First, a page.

~ 21 September 2023 ~
Yemen is in a state of no war, and no peace. Although that is certainly better than brutal conflict, unfortunately, an “unofficial” ceasefire is a status that is not sustainable. There has been a heavy focus on diplomatic efforts to end the eight-year conflict and seal an agreement between warring parties: Saudi Arabia, and Yemen’s Houthi rebels. But sealing a lasting ceasefire or negotiating an end to the conflict has not materialized. All the while, the country continues to deteriorate, and the humanitarian crisis worsens.
Long Road of Conflict
In 2010, the Arab Spring uprisings moved throughout the MENA, including Tunisia, Libya, Egypt, Syria, and Bahrain, and later reached out to other regions. The protests brought pro-democracy hope to Yemen. As a result of the uprisings and pressure from external forces, then-President Ali Abdallah Saleh resigned, and Vice President Abdrabbuh Mansour Hadi became president. However, many Yemenis were quickly disillusioned with the new government and demanded elections.
The Houthi movement took advantage of the dysfunction and protests and gained control of the northern region of the Saada province, and neighboring areas. In late 2014, the Houthi rebels seized the capital of Sanaa in a coup. In the midst of disorder and chaos, President Hadi fled to Saudi Arabia. Concerned there would be a regional shift, Saudi Arabia intervened on behalf of the Yemeni government.
Since early 2015, Yemen has been enmeshed in conflict. Saudi Arabia, with support from the US, France, the UK, and nine other Arab states, launched an air campaign against Yemen. The US, France, and the UK consistently sold munitions, machinery, and maintenance to Saudi Arabia in the amount of hundreds of billions of dollars, for it to carry out its mission. The Saudi-led coalition began an indiscriminate bombing and artillery strike that has largely targeted civilians, residential neighborhoods, healthcare and education systems, markets, religious centers, and infrastructure. In 2018, the coalition bombed a school bus filled with children, killing 26 and injuring 19. And while many claimed outrage, it was not enough to stop selling arms, or pressure warring parties to stop the fighting.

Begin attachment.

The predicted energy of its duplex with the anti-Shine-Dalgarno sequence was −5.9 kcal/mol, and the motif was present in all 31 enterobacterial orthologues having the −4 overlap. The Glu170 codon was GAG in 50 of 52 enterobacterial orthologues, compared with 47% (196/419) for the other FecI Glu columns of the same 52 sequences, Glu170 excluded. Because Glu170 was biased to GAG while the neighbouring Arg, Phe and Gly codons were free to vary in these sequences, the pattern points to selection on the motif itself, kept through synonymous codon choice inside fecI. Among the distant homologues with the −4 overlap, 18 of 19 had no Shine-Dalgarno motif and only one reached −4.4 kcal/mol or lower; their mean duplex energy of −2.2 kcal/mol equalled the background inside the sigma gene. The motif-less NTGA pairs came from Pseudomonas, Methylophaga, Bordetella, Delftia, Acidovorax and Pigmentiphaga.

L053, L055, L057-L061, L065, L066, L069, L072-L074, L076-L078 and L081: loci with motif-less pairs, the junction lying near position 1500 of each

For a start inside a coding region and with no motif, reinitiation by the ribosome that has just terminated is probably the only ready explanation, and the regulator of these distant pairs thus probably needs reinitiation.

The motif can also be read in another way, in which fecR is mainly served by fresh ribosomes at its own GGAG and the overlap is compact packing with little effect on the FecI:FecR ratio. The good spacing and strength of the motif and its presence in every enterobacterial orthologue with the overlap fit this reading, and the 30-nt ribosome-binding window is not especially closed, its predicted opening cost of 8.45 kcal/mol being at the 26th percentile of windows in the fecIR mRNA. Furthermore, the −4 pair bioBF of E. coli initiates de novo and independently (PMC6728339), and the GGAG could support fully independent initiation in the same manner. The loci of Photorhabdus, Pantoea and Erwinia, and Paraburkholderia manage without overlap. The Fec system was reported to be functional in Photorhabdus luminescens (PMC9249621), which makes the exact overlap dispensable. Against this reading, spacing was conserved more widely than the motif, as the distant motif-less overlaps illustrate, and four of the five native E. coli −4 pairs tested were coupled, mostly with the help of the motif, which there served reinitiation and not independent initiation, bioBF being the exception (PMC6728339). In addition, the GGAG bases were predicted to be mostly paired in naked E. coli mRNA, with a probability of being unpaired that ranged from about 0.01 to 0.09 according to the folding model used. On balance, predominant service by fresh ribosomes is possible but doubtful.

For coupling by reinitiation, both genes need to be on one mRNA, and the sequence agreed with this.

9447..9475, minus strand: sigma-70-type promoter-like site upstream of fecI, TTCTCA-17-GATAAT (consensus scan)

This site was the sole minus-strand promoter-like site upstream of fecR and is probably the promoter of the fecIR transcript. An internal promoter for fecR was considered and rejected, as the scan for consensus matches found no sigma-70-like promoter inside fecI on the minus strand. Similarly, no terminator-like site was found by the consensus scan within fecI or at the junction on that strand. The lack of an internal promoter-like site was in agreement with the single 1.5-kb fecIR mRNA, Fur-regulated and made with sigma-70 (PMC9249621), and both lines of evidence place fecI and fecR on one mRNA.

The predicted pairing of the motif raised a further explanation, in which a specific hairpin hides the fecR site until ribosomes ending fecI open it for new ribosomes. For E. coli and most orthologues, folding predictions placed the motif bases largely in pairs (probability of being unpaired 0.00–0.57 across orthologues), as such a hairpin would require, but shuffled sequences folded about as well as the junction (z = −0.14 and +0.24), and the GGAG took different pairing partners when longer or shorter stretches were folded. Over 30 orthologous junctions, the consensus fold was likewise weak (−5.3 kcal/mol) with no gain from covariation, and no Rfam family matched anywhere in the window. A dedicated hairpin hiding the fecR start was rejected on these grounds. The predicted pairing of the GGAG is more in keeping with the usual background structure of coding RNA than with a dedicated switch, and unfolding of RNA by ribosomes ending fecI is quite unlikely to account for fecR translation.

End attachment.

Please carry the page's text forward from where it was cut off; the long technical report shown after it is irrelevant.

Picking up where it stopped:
To be clear, both the Houthi and the coalition forces have knowingly attacked civilian targets in violation of international humanitarian law. Torture, arbitrary arrests, and forced disappearances are among the alleged war crimes perpetrated by both sides.
The complexity of Yemen’s conflict is no longer just Saudi-backed government forces versus the Houthi rebels. A myriad of forces are in competition for influence or power. These power struggles dictate the outcomes for millions of Yemenis. One of those forces is Iran. The Saudi Government has consistently promoted a narrative that Houthi rebels are supported by Iran both with arms and finances. However, it has been determined and is largely accepted, that Iran’s influence is likely limited. It is also understood that the majority of Houthi armaments are gleaned from the black market and that the Houthi are financially independent from Iran.
Working for Peace
UN-backed peace negotiations have made limited progress. The 2018 Stockholm Agreement averted a battle for the port city of Hodeidah, but the accord’s provisions were never completed. Peace efforts gained momentum again in 2022 when President Hadi ceded power to a governing council that helped to consolidate anti-Houthi forces. Hadi went the extra mile and removed a deputy reviled by the Houthi, in the hopes they would return to the negotiating table. That has not happened.
The UN brokered a ceasefire in mid-2022, however after six months, the combatants failed to renew the deal, hence the status of no war, no peace. Discussions, once again, reignited hopes for another ceasefire, but the exclusion of the governing council from the talks raised questions about the possibilities for peace. As we learned in Afghanistan, when the government is excluded from peace talks… it may lead to something far worse.